A couple examples occurred recently that illustrate these adjustments based on student feedback. Students said that they were having trouble completing the case study in the time allotted by the syllabus. As a response, I called the due date a soft deadline and allowed students to complete the assignment by the following week without a penalty. After that date, the penalty would be no more than 10%. I tell them “no more than 10%” because if the assignment is very well done, I will assess little or no penalty.

We were informed about a month into the semester that a career education fair with employer interviews was in fact going to take place in a month. To prepare the students for interviews and resume building, an online series of boot camp education seminars was offered. Thirty-five districts were going to be looking for new teachers for next year, but students had to register. Given the additional work to students who were already overloaded, I canceled class for the following week to give students time to prepare.

One of the comments I had read in the chat room and heard by the students in the 10 minutes at the beginning of class was a need for more clarity. As it is pretty common for students, the request for clarity was ambiguous, “What do we do?” So of course I have to ask questions. I asked students to tell me more, “Do you mean what do you for class or what do you do right now or what do you do on the standardized assessment offered by the state?” That ‘asking questions’ is part of a dialogue that will result in a better understanding of the problem. That dialogue is an important part of learning ‘with’ students. The result of that dialogue made more understanding more complex. Some students wanted to know what to do for the class. Others wanted to know what to do for the state assessment.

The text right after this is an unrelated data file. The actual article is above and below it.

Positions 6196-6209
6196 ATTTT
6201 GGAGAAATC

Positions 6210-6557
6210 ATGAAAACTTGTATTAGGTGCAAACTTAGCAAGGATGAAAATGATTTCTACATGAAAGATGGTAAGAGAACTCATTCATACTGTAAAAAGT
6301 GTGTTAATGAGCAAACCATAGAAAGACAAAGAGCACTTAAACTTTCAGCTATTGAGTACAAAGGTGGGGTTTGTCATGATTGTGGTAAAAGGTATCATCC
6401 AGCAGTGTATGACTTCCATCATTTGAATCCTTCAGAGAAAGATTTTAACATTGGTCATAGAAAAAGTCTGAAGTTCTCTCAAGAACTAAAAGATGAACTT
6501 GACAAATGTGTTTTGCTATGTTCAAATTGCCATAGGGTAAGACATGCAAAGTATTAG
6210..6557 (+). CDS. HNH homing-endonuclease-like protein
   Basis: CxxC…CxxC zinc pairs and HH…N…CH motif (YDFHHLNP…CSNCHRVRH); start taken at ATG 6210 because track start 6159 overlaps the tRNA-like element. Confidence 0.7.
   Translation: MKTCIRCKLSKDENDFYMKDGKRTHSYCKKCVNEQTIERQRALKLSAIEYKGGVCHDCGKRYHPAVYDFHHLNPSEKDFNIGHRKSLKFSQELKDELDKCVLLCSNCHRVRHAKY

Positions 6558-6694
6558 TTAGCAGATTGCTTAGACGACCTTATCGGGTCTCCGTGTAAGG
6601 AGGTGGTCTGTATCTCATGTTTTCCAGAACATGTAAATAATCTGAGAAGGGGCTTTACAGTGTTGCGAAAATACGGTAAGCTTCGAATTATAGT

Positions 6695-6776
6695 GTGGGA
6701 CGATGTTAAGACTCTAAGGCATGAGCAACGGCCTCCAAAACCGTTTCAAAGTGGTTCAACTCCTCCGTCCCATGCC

I also knew from previous comments made by students that it was hard for them to stay active in class because many woke up at 5 am or 6 am to prepare lessons and teach every weekday. So during my 8 – 10 pm Friday class, it was hard for students who had been teaching on Zoom and had a another class from 4 pm to 7 pm that day to respond. They were low on energy. As a response, I sought out the written and video examples of a student from the previous semester who had passed the state assessment. Then I highlighted the specific examples to the students analyzing the instruction. I did a lot of talking that hour and I felt accordingly like a hypocrite for professing to learn ‘with’ students, but then not allowing for enough time for ‘dialogue.’ I asked the student upon signing off in the chat room to rate our session from 1-10, 10 being ‘this was very helpful.’ I was surprised that of the 27 out of 32 students responding and in spite of many technology challenges, the no student scored the activity below 7 points and the average score was 8.88 out of 10. Now these are very nice students, but still, the result shocked me and made me realize that I need to continue to get student response with polls and comments to understand how learning ‘with’ was also going to be helpful.

Alright, so one thing I learned today about learning ‘with’ was that it’s not about always having constant dialogue or discussion. Professors can still lecture. You can have time at the beginning of class to discuss without an agenda, allow interruptions, occasional breakouts, emails, Zoom chats, phone calls, and a welcome attitude. That is a way to access student perspectives for praxis.